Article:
Harlow new town 65th anniversary celebrated
The 65th anniversary of one of the UK's first post-war new towns is being celebrated in Essex.
Harlow was designated a new town on 25 March 1947, as part of the government's scheme to relieve overcrowding in London.
The Frederick Gibberd-designed town is credited as having one of the first modern residential tower blocks and all-pedestrian shopping precinct.
Events and projects have been organised by the local council to mark the date.
These include a large "65" sculpture created by local artists on which people are being invited to write birthday messages.
Future plans include photographic exhibitions and an online archive of memories of some of the first residents of the new town.
'A different life'
Plans to build the Harlow New Town were conceived following the New Towns Act of 1946.
It was initially designed to be home for 60,000 people, many from London's East End.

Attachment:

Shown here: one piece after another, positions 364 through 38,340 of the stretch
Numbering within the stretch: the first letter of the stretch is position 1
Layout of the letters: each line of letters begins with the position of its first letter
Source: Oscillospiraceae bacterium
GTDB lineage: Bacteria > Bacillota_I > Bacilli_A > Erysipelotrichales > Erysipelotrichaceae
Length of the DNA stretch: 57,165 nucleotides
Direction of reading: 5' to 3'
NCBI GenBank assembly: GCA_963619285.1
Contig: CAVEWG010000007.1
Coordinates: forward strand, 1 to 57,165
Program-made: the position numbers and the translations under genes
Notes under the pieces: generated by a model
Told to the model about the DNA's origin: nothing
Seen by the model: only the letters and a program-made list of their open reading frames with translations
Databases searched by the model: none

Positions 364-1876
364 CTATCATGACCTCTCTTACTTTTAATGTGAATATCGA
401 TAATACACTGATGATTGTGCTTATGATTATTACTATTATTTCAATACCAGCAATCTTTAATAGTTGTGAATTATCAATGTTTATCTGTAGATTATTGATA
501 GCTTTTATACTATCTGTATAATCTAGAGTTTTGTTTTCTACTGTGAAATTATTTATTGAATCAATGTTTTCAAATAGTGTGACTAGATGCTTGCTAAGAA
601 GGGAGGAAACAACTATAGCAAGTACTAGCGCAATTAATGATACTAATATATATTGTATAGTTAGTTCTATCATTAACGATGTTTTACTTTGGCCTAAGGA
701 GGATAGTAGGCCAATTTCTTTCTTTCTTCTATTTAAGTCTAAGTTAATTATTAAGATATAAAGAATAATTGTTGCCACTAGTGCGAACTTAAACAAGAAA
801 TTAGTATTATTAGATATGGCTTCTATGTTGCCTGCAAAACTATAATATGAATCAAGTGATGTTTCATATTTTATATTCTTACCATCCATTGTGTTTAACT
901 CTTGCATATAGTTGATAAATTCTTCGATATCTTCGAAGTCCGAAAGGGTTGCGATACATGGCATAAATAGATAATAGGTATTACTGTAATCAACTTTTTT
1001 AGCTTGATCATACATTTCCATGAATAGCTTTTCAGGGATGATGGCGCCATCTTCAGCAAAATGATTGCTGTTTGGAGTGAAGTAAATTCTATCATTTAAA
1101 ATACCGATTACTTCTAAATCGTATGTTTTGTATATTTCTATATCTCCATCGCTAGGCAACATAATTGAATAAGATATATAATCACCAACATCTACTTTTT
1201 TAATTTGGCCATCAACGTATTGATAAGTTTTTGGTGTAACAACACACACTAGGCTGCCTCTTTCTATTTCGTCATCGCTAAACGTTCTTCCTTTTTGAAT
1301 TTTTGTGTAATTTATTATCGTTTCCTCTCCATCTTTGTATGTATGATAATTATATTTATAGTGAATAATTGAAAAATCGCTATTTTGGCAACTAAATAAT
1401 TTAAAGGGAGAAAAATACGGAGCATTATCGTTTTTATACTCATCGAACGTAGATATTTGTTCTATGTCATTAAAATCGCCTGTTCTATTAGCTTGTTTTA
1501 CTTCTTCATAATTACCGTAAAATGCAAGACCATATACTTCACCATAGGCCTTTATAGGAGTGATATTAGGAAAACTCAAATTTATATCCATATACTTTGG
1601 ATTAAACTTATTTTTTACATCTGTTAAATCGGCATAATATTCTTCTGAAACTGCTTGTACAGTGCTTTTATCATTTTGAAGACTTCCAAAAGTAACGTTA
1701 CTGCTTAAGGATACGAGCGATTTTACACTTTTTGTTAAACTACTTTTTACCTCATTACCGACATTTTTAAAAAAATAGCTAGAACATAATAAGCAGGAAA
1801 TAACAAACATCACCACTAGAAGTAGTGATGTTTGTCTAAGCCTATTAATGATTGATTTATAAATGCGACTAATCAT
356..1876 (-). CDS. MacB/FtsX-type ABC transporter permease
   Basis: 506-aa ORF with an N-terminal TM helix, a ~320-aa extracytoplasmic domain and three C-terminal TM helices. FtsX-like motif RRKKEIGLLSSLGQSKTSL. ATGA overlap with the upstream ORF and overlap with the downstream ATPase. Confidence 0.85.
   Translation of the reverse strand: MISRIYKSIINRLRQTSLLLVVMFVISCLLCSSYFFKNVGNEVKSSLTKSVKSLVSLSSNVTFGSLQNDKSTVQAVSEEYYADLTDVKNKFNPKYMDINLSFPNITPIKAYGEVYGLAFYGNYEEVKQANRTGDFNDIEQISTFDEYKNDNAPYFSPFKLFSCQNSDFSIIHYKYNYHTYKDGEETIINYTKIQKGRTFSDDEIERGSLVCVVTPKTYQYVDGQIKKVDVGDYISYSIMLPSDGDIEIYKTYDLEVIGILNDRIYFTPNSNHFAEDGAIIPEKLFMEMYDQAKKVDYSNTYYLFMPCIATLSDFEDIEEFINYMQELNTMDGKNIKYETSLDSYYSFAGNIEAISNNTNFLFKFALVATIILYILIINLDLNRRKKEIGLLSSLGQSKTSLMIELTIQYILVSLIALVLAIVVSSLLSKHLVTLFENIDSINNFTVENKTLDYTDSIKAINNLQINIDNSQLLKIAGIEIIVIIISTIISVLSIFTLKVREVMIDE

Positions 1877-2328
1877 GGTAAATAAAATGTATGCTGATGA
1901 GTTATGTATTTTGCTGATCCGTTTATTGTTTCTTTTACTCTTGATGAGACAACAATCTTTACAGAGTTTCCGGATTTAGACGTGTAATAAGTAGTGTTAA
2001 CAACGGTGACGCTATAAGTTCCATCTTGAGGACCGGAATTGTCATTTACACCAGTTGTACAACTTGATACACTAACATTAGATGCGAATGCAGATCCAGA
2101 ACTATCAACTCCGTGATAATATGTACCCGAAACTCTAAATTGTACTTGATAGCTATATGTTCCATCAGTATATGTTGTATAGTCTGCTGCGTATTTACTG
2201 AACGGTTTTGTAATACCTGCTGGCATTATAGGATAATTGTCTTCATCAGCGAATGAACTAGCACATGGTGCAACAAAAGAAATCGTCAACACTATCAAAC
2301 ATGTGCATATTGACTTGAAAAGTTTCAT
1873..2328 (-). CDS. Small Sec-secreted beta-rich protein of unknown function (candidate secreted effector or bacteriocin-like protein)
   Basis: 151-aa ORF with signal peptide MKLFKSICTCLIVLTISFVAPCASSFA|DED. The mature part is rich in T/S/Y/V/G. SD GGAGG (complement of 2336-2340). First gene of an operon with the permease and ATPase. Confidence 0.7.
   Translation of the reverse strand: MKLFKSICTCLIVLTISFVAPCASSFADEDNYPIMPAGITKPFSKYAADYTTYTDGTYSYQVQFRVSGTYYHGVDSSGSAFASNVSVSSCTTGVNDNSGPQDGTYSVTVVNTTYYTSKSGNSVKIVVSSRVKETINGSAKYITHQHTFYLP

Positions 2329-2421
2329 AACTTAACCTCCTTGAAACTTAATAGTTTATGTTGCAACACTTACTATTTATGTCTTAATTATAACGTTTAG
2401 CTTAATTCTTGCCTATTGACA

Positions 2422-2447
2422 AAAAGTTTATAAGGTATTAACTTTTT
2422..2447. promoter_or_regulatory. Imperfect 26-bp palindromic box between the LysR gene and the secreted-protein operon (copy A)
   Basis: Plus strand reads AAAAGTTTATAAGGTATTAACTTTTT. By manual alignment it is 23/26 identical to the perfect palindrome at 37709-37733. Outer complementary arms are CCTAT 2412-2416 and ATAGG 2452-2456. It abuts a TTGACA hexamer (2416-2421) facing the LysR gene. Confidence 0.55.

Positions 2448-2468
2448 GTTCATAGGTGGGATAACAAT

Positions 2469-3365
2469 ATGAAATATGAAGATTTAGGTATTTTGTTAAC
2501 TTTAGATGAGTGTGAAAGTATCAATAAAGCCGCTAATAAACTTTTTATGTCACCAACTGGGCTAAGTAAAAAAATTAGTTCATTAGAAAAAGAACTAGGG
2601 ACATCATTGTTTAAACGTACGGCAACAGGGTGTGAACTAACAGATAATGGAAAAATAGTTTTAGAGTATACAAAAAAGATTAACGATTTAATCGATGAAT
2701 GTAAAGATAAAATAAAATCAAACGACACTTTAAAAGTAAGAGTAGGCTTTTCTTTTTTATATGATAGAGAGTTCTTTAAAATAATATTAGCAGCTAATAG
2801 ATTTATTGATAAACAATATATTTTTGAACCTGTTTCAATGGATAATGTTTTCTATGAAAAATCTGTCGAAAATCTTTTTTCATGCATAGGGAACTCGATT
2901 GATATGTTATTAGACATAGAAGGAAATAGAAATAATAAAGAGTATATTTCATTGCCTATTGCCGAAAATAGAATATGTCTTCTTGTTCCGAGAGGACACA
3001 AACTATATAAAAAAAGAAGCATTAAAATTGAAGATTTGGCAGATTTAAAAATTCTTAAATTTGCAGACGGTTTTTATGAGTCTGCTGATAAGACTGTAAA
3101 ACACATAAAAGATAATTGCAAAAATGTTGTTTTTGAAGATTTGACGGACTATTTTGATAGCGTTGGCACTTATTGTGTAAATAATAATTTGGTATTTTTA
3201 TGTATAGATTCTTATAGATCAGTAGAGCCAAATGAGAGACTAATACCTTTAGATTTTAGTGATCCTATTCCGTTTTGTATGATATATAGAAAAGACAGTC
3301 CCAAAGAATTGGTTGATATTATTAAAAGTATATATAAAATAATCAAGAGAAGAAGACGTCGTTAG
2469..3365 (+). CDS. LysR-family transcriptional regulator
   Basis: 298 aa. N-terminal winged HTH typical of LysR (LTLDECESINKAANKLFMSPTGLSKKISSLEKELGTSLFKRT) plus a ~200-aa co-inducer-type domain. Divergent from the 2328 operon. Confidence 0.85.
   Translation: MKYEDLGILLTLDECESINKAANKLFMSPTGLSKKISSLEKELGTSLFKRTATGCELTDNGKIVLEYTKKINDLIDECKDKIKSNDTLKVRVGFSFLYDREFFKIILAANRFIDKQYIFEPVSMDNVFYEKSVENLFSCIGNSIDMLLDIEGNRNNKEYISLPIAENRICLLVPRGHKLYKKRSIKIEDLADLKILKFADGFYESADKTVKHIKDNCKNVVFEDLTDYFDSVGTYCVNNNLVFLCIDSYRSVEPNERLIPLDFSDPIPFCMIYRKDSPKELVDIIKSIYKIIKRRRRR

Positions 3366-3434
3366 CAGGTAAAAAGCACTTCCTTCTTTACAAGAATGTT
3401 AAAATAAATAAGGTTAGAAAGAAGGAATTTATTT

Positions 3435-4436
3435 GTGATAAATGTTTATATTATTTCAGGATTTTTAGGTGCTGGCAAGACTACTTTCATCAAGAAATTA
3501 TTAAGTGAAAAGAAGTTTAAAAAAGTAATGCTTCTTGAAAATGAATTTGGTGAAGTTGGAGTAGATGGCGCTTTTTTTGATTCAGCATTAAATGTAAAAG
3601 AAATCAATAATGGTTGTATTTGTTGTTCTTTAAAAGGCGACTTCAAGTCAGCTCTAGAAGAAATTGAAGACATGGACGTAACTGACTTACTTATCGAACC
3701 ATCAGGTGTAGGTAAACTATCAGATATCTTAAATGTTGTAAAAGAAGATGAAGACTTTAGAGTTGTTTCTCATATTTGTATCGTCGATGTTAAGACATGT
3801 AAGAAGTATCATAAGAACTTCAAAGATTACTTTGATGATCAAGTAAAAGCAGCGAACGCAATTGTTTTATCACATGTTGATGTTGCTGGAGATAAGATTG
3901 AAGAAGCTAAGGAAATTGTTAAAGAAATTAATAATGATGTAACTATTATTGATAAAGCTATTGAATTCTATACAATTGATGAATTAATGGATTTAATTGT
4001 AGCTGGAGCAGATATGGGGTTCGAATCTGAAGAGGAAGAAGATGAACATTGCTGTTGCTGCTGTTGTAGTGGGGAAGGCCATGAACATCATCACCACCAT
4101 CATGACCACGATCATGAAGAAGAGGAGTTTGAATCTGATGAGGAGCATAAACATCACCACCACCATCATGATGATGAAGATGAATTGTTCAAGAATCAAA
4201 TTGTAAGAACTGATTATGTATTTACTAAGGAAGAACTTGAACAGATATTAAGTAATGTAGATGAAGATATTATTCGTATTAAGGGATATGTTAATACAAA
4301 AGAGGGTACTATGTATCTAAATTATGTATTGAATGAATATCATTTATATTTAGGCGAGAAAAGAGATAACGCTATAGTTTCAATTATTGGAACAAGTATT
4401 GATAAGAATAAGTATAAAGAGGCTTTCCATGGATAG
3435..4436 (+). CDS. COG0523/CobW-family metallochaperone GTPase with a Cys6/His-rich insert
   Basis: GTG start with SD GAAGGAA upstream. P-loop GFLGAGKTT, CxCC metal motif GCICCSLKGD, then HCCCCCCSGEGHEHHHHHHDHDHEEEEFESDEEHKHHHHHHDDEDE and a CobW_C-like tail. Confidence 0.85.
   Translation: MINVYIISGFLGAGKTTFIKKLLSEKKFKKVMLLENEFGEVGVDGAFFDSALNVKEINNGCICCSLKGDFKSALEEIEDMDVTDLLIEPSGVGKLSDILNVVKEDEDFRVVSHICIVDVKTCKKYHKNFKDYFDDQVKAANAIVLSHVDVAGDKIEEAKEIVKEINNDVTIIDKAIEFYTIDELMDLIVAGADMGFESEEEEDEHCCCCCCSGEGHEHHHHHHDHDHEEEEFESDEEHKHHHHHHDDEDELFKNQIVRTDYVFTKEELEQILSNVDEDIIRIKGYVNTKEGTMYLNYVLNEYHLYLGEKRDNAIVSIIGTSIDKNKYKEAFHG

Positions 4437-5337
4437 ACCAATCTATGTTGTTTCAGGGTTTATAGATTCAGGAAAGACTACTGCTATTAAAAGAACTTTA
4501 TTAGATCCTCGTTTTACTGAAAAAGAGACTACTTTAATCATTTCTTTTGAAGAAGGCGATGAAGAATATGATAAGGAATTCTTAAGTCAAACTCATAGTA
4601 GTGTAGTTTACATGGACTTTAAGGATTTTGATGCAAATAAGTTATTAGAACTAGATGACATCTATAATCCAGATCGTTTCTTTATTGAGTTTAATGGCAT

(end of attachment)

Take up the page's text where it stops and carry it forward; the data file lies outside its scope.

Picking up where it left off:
Among them was Joan Harvey, who moved with her husband to the new town from Leyton in 1953.
"It was just a different life," she said.
"It was a beautiful three-bedroom house, with a bath and lavatory indoors - you couldn't believe it.
"The town was still unfinished. We used to get mechanical diggers come past the window because houses alongside us weren't finished."
Conservative MP Robert Halfon said while some parts of the town required regeneration, there was still a lot for Harlow to be proud of.
He said: "Harlow was always a place for aspiration. People came here from the East End of London to make their lives better.
"Although it's a busy town, it is like a village. There is a sense of community, there are amazing community organisations.
"We'll never be able to go back to the days of old, but as long as the community spirit remains, Harlow will continue to be a special place."